A federal jury in Mobile, Alabama, has convicted Norwegian-based shipping company Det Stavangerske Dampskibsselskab AS (DSD Shipping) and three employees with obstructing justice, violating the Act to Prevent Pollution from Ships (APPS), witness tampering and conspiracy, the US Justice Department said.DSD Shipping was convicted of one count of conspiracy, three counts of violating APPS, three counts of obstruction of justice and one count of witness tampering.The court also convicted three senior engineering officers, Bo Gao, Xiaobing Chen and Xin Zhong, employed by DSD Shipping to work aboard the vessel. A fourth employee, Daniel Paul Dancu, pleaded guilty in October.The company could be fined up to USD 500,000 per count, in addition to other possible penalties. Gao, Chen and Zhong face a maximum penalty of 20 years in prison for the obstruction of justice charges.As informed by the Justice Department, the evidence presented during the two-week trial demonstrated that in January 2010, DSD Shipping knew that the oily-water separator aboard its oil tanker M/T Stavanger Blossom was inoperable.“In an internal corporate memo, DSD Shipping noted that the device could not properly filter oil-contaminated waste water and stated that individuals “could get caught for polluting” if the problem was not addressed. Rather than repair or replace the oily-water separator, however, DSD Shipping used various methods to bypass the device and force the discharge of oily-wastes into the ocean. During the last months of the vessel’s operation prior to its arrival in the Port of Mobile, the M/T Stavanger Blossom discharged approximately 20,000 gallons of oil-contaminated waste water,” the Justice Department said.The court also established that DSD Shipping employees intentionally discharged fuel oil sludge directly into the ocean. Specifically, crewmembers removed approximately 264 gallons of sludge, placed in around 100 sludge bags, which were thrown overboard directly into the ocean.What is more, the Justice Department determined that following these developments DSD Shipping, Dancu, Gao, Chen and Zhong, presented to the U.S. Coast Guard false and fictitious entries in the vessel’s oil record book and garbage record book.“We will not tolerate the continued use of the world’s oceans as a dumping ground for contaminated waste,” said Assistant Attorney General Cruden. “These defendants deliberately and egregiously violated the law and fouled the marine environment by dumping waste, then tried to cover it up with false records. We hope this conviction sends a strong message to shippers worldwide that this activity must end, and we will vigorously prosecute those who continue this criminal behavior.” “The defendants in this case falsified entries in their vessel’s log books to hide the true nature of its open water discharges. Today’s guilty verdict by a jury should serve as a warning to would-be violators that the American people will not allow the flagrant violation of U.S. laws,” said Acting Special Agent in Charge Andy Castro of the Environmental Protection Agency’s (EPA) criminal enforcement program in Alabama.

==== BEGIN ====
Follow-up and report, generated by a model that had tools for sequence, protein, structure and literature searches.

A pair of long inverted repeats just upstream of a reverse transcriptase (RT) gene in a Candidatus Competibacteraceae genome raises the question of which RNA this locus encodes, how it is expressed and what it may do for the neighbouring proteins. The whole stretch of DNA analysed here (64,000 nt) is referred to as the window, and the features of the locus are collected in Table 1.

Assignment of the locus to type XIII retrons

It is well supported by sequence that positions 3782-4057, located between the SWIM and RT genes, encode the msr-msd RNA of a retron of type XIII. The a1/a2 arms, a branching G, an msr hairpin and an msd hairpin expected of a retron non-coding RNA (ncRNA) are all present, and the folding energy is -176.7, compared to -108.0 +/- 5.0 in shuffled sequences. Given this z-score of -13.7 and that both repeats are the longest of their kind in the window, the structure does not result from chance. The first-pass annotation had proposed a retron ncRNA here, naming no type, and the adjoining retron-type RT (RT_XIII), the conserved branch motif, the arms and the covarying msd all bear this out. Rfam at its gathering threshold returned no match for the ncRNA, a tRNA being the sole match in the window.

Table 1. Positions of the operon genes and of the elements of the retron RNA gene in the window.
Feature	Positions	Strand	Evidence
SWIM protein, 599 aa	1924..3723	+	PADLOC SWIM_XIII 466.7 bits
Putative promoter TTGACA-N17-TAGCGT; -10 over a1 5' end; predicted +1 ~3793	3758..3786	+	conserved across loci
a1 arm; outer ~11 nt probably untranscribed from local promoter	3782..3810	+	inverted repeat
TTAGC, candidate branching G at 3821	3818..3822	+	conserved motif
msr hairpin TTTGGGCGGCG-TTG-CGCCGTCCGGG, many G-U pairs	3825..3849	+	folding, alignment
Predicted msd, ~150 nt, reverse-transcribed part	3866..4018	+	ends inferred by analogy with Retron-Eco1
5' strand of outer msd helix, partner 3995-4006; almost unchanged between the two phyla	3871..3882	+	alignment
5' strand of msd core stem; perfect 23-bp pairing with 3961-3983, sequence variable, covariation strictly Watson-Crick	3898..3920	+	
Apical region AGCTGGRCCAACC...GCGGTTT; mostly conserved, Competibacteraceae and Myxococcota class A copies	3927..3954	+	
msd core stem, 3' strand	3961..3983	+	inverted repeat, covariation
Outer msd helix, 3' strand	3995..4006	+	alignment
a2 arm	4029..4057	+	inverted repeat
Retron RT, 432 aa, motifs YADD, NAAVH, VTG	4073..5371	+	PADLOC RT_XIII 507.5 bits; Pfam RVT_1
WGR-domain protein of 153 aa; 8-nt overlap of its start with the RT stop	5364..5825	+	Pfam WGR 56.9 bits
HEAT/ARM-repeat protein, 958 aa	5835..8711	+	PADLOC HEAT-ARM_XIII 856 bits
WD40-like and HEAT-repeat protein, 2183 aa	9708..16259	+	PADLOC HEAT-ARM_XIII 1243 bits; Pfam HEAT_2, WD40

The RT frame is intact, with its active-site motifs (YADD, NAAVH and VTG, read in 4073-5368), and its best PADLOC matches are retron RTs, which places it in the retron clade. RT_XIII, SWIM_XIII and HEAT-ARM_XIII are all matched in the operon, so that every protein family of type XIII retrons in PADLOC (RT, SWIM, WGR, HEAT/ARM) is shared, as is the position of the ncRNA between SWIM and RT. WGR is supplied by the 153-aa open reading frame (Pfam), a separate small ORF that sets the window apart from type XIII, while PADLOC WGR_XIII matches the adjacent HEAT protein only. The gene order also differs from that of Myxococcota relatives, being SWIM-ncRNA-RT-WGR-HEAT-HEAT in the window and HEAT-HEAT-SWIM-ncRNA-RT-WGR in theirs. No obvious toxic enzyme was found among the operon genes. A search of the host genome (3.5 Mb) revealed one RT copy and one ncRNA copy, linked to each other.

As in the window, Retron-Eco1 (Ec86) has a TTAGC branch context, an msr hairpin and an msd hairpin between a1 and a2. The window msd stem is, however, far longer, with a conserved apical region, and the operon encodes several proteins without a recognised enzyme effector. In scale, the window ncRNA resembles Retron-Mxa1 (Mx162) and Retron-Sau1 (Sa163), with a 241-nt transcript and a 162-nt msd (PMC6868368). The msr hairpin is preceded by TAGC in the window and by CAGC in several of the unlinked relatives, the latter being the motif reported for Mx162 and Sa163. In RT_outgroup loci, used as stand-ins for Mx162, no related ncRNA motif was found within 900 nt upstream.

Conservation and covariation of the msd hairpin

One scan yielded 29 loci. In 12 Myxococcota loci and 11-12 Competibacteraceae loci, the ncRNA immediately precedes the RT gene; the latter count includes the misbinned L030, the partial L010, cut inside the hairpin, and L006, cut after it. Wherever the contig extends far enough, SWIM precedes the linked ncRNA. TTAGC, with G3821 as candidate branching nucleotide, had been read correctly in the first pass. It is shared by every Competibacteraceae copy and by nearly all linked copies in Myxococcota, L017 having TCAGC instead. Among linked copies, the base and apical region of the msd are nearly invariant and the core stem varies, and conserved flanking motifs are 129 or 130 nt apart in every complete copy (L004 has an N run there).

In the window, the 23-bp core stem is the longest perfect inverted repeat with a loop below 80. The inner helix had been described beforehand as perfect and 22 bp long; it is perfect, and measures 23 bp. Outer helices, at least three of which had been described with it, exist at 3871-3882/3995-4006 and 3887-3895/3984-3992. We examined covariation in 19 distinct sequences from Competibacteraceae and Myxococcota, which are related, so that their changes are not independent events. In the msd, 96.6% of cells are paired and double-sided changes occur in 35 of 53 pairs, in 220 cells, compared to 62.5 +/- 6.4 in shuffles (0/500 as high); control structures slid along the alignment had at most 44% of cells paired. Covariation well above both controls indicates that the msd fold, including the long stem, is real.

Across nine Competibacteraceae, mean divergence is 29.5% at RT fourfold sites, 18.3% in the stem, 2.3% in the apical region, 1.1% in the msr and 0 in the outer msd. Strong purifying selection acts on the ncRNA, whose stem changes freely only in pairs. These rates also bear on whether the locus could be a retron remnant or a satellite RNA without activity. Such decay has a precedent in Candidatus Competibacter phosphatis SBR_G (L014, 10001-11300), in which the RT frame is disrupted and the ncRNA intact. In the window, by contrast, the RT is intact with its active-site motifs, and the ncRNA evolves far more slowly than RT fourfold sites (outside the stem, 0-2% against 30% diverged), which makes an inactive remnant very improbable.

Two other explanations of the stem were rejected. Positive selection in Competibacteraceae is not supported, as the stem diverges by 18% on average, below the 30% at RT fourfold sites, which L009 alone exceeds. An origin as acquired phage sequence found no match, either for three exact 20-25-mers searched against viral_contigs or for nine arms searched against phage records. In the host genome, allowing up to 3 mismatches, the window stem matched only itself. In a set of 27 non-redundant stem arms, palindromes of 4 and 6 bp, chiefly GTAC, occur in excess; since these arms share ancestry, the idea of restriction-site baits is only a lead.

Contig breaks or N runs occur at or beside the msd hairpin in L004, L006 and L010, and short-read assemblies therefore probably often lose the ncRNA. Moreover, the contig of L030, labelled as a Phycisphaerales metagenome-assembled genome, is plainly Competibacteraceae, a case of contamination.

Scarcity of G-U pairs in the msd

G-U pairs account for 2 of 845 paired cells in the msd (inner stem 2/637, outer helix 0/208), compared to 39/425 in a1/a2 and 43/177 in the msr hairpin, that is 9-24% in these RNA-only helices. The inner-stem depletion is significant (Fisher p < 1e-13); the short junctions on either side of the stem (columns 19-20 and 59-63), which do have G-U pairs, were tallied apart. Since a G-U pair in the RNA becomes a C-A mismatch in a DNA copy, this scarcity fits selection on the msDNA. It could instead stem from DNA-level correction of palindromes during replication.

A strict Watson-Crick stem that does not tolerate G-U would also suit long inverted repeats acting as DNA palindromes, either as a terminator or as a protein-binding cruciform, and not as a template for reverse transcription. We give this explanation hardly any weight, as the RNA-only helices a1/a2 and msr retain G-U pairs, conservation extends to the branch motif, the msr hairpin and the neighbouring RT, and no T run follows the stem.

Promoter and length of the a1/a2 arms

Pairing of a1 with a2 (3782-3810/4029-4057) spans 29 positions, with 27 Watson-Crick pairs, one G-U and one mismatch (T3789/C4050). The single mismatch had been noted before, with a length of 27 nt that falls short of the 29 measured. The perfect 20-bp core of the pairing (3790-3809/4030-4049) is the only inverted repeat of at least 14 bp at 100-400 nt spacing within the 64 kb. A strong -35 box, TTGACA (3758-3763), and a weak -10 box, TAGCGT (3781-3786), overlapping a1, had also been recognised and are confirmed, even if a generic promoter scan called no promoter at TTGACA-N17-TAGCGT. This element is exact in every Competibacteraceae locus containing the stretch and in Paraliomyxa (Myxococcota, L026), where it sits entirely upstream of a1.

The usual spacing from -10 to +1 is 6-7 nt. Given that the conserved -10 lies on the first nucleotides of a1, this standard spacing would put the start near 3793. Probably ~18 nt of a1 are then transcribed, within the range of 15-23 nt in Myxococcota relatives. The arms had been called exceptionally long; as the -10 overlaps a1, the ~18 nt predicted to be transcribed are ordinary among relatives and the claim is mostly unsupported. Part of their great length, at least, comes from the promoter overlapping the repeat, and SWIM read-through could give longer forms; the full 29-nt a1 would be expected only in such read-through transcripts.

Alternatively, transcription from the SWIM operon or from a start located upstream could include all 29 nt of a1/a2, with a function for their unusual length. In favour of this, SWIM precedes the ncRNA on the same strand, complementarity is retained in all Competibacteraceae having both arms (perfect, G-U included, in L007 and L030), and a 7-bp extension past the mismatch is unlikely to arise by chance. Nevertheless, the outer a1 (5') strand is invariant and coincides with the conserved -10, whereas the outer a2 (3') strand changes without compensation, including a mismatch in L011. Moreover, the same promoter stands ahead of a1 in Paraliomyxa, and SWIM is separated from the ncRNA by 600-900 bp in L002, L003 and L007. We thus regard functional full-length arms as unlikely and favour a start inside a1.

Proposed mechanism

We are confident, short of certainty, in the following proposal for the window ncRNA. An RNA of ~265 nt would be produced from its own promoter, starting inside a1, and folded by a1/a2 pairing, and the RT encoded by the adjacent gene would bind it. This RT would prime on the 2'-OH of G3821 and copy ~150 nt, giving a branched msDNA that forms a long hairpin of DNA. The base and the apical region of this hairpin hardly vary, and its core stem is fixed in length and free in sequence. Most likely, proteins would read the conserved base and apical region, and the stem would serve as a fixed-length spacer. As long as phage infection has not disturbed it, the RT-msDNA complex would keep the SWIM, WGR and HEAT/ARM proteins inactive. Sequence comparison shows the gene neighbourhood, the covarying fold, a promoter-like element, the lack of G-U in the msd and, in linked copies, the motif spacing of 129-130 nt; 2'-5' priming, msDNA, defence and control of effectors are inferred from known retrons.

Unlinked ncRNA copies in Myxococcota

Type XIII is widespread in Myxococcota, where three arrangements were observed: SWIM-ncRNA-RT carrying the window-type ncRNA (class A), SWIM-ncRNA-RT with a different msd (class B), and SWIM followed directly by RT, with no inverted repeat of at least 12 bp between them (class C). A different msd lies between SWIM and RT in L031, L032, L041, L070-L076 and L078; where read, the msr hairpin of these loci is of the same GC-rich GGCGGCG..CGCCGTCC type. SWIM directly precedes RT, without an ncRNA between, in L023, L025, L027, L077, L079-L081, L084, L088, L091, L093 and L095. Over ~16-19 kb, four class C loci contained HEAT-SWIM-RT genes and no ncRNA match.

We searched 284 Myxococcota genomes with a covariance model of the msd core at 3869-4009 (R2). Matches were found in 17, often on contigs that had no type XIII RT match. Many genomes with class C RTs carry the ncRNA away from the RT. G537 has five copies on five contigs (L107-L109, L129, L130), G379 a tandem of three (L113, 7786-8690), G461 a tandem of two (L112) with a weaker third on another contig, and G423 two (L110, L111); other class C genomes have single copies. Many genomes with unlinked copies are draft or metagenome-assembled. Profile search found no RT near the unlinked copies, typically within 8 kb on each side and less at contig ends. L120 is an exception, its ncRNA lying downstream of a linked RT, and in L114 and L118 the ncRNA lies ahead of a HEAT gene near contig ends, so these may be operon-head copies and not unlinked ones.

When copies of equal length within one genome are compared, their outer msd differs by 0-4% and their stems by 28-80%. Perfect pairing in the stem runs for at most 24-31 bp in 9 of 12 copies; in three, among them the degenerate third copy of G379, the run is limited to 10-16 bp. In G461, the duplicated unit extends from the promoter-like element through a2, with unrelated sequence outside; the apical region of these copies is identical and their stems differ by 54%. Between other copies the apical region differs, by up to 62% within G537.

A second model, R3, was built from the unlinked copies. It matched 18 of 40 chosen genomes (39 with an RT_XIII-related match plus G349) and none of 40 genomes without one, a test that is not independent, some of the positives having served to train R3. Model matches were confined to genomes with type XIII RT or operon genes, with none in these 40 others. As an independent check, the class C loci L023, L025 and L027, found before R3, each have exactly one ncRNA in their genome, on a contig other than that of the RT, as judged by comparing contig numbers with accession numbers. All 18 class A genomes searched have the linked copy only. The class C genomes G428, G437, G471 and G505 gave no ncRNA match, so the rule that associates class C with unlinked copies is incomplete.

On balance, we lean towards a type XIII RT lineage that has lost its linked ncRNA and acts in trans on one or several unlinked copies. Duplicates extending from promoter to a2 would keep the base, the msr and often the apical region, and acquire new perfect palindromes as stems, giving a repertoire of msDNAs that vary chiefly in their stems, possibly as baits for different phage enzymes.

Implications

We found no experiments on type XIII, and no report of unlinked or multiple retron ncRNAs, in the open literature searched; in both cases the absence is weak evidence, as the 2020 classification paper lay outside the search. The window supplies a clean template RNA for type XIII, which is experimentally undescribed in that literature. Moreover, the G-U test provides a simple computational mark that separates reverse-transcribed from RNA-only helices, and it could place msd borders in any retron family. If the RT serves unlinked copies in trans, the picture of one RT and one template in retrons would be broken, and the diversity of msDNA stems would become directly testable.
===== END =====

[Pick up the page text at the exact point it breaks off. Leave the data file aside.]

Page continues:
The Security Council today endorsed the transfer of more than $220 million from the escrow account set up under the former United Nations arms inspection regime into accounts for the country’s development and the repayment of its UN arrears. In making the proposal earlier this week, Secretary-General Kofi Annan said that $200 million would be transferred to the Development Fund for Iraq from an account set up under the UN Monitoring, Verification and Inspection Commission for Iraq (UNMOVIC), which withdrew from the country on the eve of the United States-led invasion two years ago. A balance of $20,256,697, he said, would be credited against Iraq’s arrears in its contributions to the UN regular budget, peacekeeping operations and tribunal activities.